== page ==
- While the main argument in favour of allowing corporate presence in banking is that they can bring in capital, business experience and managerial competence, there are apprehensions that it was not easy for supervisors to prevent or detect self-dealing or connected lending as banks could hide connected party or related party lending behind complex company structures and subsidiaries or through lending to suppliers of promoters and their group companies.
- These loans can subsequently become bad assets of the bank. Moreover, highly indebted and politically connected business houses will have the greatest incentive and ability to push for licenses.
- Another risk associated with banks owned by industry groups is circular lending, with corporate bank X funding projects of an industry group, which owns corporate bank Y, and corporate bank Y funding projects of an industry group owning bank Z, and finally, corporate bank Z funding projects of industry group owning bank X, which is hard to track on a real-time basis.
Dozens of demonstrators have assembled outside Downing Street to protest over the deaths of 27 people who perished while trying to cross the English Channel.
- The English Channel, is an arm of the Atlantic Ocean that separates Southern England from northern France and links to the southern part of the North Sea by the Strait of Dover at its northeastern end. It is the busiest shipping area in the world.
- The Channel was a key factor in Britain becoming a naval superpower and has been utilised by Britain as a natural defence mechanism through which they halted many would-be invasions, such as the Napoleonic Wars and those of Adolf Hitler in World War II.
- The population around the English Channel is predominantly located on the English coast and the major languages spoken in this region are French and English.
Subject: Social issues
- Social justice is justice in terms of the distribution of wealth, opportunities, and privileges within a society.
- In Western as well as in older Asian cultures, the concept of social justice has often referred to the process of ensuring that individuals fulfill their societal roles and receive what was their due from society.
- In the current movements for social justice, the emphasis has been on the breaking of barriers for social mobility, the creation of safety nets and economic justice.
- Social justice assigns rights and duties in the institutions of society, which enables people to receive the basic benefits and burdens of cooperation.
- The relevant institutions often include taxation, social insurance, public health, public school, public services, labor law and regulation of markets, to ensure fair distribution of wealth, and equal opportunity.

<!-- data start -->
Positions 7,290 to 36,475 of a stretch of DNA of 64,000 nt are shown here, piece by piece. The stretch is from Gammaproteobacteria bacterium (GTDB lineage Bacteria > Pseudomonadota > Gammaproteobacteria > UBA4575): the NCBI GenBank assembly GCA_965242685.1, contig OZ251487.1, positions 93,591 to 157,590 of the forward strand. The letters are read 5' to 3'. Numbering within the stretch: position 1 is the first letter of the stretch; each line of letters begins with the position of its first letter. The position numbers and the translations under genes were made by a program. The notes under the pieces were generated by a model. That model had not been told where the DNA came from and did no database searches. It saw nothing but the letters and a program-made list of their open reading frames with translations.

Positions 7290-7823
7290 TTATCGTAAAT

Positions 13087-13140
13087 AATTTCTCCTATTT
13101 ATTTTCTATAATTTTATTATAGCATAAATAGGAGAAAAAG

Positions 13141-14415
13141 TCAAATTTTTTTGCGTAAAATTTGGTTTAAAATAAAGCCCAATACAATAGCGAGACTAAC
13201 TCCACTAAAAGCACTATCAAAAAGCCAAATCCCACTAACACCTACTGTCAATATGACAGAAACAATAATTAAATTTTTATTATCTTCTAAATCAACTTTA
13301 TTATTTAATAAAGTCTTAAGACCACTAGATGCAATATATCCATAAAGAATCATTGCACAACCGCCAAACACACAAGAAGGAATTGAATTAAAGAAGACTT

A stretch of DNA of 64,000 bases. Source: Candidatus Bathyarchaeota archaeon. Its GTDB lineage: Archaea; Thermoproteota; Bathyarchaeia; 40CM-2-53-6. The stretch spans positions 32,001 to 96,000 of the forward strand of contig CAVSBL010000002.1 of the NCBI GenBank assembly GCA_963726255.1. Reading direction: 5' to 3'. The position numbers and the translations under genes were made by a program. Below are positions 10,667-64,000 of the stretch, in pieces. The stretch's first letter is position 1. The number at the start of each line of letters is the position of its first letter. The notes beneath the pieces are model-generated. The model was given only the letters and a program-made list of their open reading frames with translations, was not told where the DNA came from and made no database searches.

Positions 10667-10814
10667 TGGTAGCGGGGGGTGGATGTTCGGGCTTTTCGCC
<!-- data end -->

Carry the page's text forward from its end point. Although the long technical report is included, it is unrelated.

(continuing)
Subject: Science and Tech
The Minister of Commerce and Industry, Piyush Goyal, recently highlighted that India is poised to become one of the largest digital markets in the world on the back of an unprecedented 87 per cent fintech adoption rate as against the global average of 64 per cent. He added that the JAM (Jan Dhan-Aadhaar-Mobile) trinity, besides Direct Benefit Transfers (DBT), have brought timely delivery of financial benefits and services, especially in the post-pandemic era.
- India Stack is a set of APIs that allows governments, businesses, startups and developers to utilise an unique digital Infrastructure to solve India’s hard problems towards presence-less, paperless, and cashless service delivery.
- The Open API team at iSPIRT has been a pro-bono partner in the development, evolution, and evangelisation of these APIs and systems.
The four distinct technology layers provided are
Presenceless layer : Where a universal biometric digital identity allows people to participate in any service from anywhere in the country.
Paperless layer : Where digital records move with an individual’s digital identity, eliminating the need for massive amount of paper collection and storage.
Cashless layer : Where a single interface to all the country’s bank accounts and wallets to democratize payments.
Consent layer : Which allows data to move freely and securely to democratize the market for data.
APIs included in India Stack:
The following APIs are considered to be a core part of the India Stack.
- Aadhaar Authentication
- Aadhaar e-KYC
- Digital Locker
- Unified Payment Interface (UPI)
- Digital User Consent – still work in progress.
The following APIs are also considered to be societal platforms built on similar principles like India Stack:
- GSTN – The Goods and Services Tax Network
- BBPS – The Bharat Bill Payment System
- ETC – Electronic Toll Collection (known under the brand FASTag)
- Citizens : Brings millions of Indians into the formal economy by reducing friction.
- Software ecosystem : Fosters innovation to build products for financial Inclusion, healthcare & educational services at scale.
- Government : Brings a paradigm shift in the way government services are delivered in a transparent, accountable and leakage free model.